What to Do if ICE Knocks on Your Door: A Quick Guide for Immigrants

Everyone living in the U.S., regardless of their citizenship status, has certain rights. If ICE shows up at your door, you should exercise yours.
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by | Last updated Apr 2, 2020 | Published on Apr 2, 2020 | Immigration

Interactions with ICE, regardless of your legal status, can be terrifying events.

Over the past several years there have been numerous stories of ICE agents detaining and questioning otherwise innocent individuals who simply didn’t understand their rights, or even what they were facing by speaking with these agents.

For this reason, it’s still very important for immigrants to understand their rights in the event that ICE does show up at their door.

In this article, we’ll quickly cover the three main rights that apply in this situation.

We’ll also provide eight detailed tips for protecting yourself should you find an ICE agent on the other side of your front door.

Your Rights at Home

Focused millennial student in glasses making notes writing down information from book

As an individual who is living within the United States, you have certain rights under the U.S. Constitution.

This is true even if you are an undocumented alien.

Most relevant to this conversation are your 4th and 5th amendment rights, which relate to your ability to protect yourself from unlawful or unfair actions by law enforcement, as well as certain provisions in the Immigration and Nationality Act (INA).

4th Amendment Right Against Unlawful Search and Seizure

The 4th Amendment of the Constitution notes that:

“The right of the people to be secure in their persons, houses, papers, and effects, against unreasonable searches and seizures, shall not be violated, and no warrants shall issue, but upon probable cause, supported by oath or affirmation, and particularly describing the place to be searched, and the persons or things to be seized.”

4th Amendment – U.S. Constitution

Note, however, that there are two different types of warrants when it comes to immigration law.

First is the “judicial” warrant you’re probably familiar with from television or your general knowledge of the U.S. justice system.

This is the warrant that is outlined in the 4th Amendment, which allows law enforcement to search your home, vehicle, person, or other property, provided a judge signs off on the document.

On the other hand, ICE has the ability to issue an arrest warrant (specifically, “Form I-205, Warrant of Removal/Deportation”) that targets a specific individual.

This warrant does not give the ICE agent permission to search, or even enter, your home.

For this reason, if an ICE agent shows up at your door with only Form I-205, and not a judicially signed warrant, you can usually just tell them to leave.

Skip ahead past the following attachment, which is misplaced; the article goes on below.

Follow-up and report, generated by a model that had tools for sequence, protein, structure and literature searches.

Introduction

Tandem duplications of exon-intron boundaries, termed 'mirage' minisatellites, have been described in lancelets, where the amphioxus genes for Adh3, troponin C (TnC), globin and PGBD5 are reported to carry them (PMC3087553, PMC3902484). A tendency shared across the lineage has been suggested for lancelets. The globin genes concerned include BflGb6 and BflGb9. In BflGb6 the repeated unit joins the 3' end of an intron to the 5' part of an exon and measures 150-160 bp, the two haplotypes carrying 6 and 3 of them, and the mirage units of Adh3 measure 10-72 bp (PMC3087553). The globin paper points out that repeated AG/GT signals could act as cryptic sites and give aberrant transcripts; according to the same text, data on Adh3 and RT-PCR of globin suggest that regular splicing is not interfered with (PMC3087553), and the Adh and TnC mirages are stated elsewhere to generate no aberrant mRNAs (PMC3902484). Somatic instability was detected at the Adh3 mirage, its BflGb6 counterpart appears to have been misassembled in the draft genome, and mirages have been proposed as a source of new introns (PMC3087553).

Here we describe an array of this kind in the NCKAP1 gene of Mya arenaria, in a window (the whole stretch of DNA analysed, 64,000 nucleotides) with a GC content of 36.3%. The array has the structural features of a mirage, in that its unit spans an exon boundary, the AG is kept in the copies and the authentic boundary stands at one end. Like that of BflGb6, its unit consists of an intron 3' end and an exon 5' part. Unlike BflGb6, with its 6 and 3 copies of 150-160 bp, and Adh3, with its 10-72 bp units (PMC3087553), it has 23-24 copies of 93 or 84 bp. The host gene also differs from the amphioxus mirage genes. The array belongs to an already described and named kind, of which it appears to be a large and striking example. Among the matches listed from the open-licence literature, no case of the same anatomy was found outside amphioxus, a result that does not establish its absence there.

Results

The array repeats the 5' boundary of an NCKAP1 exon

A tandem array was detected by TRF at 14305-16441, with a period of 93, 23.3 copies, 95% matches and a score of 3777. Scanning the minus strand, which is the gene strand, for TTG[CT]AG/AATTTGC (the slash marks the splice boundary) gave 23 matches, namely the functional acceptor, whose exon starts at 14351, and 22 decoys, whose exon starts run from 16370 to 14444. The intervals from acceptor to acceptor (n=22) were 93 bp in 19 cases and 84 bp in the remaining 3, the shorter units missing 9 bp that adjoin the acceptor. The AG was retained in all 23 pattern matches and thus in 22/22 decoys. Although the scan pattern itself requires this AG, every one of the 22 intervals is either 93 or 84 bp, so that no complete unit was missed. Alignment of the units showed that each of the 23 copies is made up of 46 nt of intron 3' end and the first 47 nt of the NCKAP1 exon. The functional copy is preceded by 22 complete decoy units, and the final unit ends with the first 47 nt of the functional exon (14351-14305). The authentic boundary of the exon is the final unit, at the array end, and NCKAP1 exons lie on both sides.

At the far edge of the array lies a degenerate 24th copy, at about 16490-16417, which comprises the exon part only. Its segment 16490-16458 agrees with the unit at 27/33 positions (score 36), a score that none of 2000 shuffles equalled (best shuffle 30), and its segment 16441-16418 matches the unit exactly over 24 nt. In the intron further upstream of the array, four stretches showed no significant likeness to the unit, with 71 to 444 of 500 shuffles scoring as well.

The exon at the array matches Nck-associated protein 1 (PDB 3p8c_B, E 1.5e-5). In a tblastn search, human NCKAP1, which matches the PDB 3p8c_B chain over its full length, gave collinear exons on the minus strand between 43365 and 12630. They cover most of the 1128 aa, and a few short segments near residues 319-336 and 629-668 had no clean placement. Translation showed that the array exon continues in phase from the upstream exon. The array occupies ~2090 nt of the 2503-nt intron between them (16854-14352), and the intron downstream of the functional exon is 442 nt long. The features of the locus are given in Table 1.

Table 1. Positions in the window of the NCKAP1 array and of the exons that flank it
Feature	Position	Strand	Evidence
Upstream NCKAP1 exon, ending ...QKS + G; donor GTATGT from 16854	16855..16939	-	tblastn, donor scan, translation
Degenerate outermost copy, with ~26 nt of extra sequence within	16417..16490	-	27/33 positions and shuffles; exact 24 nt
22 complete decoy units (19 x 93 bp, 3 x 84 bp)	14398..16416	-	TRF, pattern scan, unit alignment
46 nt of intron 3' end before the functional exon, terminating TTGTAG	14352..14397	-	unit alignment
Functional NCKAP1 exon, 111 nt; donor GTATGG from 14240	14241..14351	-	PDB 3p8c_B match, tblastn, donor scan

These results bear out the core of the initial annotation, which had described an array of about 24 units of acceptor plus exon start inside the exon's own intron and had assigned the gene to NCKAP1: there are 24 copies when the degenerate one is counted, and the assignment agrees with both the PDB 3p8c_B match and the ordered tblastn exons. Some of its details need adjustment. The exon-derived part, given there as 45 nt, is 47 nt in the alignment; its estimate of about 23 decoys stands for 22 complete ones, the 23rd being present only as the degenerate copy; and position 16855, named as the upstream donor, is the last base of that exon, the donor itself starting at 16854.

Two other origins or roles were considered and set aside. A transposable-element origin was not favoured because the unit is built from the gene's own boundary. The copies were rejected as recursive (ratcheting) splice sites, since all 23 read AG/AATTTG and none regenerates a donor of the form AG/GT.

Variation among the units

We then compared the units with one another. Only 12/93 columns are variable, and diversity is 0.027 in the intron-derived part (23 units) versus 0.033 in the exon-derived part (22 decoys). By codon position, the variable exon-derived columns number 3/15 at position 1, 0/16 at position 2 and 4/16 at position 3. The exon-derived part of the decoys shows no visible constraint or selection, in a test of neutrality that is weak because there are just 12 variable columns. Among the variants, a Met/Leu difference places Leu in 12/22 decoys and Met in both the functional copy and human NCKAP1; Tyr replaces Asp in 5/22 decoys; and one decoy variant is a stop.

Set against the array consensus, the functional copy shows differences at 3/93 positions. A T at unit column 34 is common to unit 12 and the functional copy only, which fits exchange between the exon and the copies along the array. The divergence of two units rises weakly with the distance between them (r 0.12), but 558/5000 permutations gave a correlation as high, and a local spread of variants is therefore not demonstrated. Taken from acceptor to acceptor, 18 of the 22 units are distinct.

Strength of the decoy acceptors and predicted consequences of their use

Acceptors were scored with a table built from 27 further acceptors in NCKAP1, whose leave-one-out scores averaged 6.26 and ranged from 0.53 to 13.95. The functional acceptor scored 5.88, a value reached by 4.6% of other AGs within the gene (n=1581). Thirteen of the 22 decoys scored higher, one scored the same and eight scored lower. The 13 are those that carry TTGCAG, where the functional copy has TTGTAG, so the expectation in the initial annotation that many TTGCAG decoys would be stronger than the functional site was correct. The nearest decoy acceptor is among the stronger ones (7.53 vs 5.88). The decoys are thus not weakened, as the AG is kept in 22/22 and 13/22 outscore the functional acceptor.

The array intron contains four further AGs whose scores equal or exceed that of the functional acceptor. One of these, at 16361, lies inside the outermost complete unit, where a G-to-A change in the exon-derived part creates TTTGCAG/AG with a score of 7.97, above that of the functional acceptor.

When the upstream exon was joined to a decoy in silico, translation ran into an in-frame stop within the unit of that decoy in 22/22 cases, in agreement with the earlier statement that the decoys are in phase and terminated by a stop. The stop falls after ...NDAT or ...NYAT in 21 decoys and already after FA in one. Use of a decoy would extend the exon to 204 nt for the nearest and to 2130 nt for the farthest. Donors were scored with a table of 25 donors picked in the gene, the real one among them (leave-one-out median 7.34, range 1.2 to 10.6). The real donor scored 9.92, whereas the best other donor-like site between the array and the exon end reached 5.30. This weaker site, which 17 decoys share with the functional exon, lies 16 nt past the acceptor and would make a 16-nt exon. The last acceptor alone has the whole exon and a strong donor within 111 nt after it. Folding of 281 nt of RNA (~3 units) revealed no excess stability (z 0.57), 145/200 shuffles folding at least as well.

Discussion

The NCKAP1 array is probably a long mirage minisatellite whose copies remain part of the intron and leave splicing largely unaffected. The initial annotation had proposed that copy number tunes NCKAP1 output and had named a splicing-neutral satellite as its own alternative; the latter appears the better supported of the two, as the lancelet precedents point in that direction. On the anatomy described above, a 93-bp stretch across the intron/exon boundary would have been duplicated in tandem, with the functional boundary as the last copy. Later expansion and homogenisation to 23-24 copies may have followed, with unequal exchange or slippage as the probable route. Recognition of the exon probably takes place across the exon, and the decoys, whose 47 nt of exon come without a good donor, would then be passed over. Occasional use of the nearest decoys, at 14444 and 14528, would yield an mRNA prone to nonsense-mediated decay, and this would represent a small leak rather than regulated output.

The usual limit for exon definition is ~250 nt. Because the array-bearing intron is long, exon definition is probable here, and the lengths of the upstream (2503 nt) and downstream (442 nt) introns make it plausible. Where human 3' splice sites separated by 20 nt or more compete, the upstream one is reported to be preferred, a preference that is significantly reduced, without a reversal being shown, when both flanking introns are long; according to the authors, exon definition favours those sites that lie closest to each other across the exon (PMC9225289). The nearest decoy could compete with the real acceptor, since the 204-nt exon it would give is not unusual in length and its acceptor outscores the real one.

5th Amendment Right to Remain Silent

The 5th Amendment of the Constitution enshrines several rights that are relevant to criminal and civil proceedings.

Most relevant here is your right against self-incrimination, or, as noted in the Amendment:

No person shall be held to answer for a…crime, unless on a presentment or indictment of a grand jury, except in cases arising in the land or naval forces, or in the militia, when in actual service in time of war or public danger.”

5th Amendment – U.S. Constitution

Basically, this amendment gives you the right to refuse questioning when that questioning would force you to incriminate yourself.

Put more simply, if an ICE agent directly asks if you are an illegal alien, or any other question for that matter, you can simply refuse to answer.

While it’s good to cooperate politely and give your name, you never have to (and should not) tell the officer anything about your immigration status, your country of origin, or anything else that might be relevant to your case.

Doing so will only harm your defense.

Similarly, you should never lie to the agent or attempt to mislead them, as this will only come back to bite you in the future.

At most, you should repeat statements that can help you exercise your rights, such as:

  • I do not give you permission to enter my home.
  • I do not consent to a search of my home.
  • I do not consent to a search of my person.
  • I want to exercise my right to remain silent.
  • I want to speak to my lawyer.

Basically, you should assert your rights and then do your best to disengage yourself from the situation as soon as possible.

Access to Counsel (Your “Right to an Attorney”)

Your right to an attorney is not guaranteed by a constitutional amendment, unlike the other rights noted above.

Instead, this right is outlined in the Immigration and Nationality Act (INA):